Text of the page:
Top 10 Essential Health and Safety Practices for Construction Sites?
When it comes to managing safety on your construction site, you may be confused or even daunted by the sheer number of legal rules and regulations you must follow. To make this easier, here are our top 10 Essential Health and Safety Practices for Construction Sites.
Categorising the Essential Health and Safety Practices for Construction Sites
Managing safety serves several purposes.
While many firms will proudly state that “safety is their number one priority”, in practice this often translates to some rough risk assessments and wearing a hi-vis.
Properly managing safety ensures compliance with the law and, therefore, avoidance or reduced severity of penalties and punishment arising from legal action; as well as maintaining a happy and healthy workforce, which in turn can result in increased morale and productivity.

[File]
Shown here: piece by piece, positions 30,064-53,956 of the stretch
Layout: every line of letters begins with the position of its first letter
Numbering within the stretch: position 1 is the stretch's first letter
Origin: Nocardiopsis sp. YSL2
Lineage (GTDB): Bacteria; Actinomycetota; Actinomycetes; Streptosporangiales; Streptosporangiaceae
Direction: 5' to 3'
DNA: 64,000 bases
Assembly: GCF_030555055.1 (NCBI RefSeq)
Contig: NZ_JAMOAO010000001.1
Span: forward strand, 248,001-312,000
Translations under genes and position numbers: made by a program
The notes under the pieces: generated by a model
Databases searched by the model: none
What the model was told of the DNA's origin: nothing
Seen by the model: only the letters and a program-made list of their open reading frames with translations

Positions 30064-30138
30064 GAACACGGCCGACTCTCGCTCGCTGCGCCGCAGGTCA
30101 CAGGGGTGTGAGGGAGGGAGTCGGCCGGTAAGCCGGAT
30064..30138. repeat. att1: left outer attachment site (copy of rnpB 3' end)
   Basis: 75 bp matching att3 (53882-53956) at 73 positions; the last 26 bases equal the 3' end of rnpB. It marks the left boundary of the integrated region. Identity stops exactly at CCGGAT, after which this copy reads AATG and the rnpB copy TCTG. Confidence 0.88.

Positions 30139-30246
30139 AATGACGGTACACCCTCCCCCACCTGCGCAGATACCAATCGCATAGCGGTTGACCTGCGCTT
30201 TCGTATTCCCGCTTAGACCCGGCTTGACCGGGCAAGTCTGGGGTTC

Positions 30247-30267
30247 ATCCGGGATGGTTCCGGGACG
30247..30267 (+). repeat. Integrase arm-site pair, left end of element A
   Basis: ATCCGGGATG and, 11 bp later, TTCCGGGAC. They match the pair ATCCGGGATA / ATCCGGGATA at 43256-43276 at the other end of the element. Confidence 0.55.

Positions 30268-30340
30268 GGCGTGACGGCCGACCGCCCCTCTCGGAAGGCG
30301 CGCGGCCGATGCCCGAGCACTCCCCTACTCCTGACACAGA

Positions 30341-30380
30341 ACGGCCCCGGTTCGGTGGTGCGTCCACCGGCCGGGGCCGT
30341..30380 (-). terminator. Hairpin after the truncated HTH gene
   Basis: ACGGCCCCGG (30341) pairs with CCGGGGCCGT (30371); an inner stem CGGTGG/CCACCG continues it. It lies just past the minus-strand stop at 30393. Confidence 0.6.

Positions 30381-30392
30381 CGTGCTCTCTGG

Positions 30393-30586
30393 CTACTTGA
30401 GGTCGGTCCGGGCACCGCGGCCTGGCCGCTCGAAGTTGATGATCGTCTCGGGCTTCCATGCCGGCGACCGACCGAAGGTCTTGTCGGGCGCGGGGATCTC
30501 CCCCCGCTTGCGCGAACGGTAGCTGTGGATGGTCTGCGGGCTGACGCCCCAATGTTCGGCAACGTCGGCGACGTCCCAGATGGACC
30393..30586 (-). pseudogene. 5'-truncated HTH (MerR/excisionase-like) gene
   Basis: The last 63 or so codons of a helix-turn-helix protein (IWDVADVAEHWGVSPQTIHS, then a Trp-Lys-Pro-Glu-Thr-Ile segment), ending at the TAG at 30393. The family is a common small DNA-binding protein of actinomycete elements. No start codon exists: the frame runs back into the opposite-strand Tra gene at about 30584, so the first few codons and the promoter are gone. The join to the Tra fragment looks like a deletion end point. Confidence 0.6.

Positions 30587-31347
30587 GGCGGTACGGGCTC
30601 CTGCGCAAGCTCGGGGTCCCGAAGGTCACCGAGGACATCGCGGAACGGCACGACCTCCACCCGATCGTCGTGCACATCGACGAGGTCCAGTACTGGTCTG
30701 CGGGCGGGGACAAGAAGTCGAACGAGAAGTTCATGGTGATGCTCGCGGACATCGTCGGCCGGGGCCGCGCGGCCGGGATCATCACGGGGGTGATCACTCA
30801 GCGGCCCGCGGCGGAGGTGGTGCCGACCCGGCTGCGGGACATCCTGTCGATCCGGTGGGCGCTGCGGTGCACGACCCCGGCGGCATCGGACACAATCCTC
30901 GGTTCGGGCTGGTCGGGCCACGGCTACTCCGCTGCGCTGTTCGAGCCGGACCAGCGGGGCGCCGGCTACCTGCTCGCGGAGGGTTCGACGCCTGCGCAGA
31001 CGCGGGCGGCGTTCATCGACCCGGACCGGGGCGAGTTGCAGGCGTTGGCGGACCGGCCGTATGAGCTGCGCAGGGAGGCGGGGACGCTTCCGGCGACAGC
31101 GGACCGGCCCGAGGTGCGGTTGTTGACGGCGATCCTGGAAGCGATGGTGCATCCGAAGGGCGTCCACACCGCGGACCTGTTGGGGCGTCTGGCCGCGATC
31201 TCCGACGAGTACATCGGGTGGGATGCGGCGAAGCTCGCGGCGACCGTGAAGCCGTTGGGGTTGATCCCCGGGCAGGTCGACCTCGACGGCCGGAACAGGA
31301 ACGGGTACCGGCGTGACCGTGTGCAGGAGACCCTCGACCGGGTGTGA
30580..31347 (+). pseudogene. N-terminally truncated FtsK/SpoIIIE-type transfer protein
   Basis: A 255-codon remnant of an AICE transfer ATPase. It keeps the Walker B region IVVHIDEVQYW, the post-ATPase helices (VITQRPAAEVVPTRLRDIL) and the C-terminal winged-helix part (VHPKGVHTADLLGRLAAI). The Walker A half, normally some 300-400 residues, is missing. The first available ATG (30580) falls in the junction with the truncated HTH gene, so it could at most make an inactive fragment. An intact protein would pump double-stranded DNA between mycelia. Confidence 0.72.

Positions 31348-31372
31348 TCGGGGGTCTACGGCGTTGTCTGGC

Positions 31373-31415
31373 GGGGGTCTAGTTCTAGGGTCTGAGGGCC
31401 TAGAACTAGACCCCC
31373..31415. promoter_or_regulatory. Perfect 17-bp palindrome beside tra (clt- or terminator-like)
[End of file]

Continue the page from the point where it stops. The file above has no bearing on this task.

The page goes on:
For these reasons it is logical to consider the practices that you must adopt as stipulated by law.
This can then be followed by best practice and actions that will make your life easier in the long run - however may not be mandated by law.
According to the Health and Safety at Work Act 1974, employers must secure the health, safety, and welfare of people at work, including non-employees.
The Management Regulations also specify core duties which employers must comply with.
However, there is some crossover between the stipulations laid out by both statutes as most regulations are based upon the overarching 1974 Act.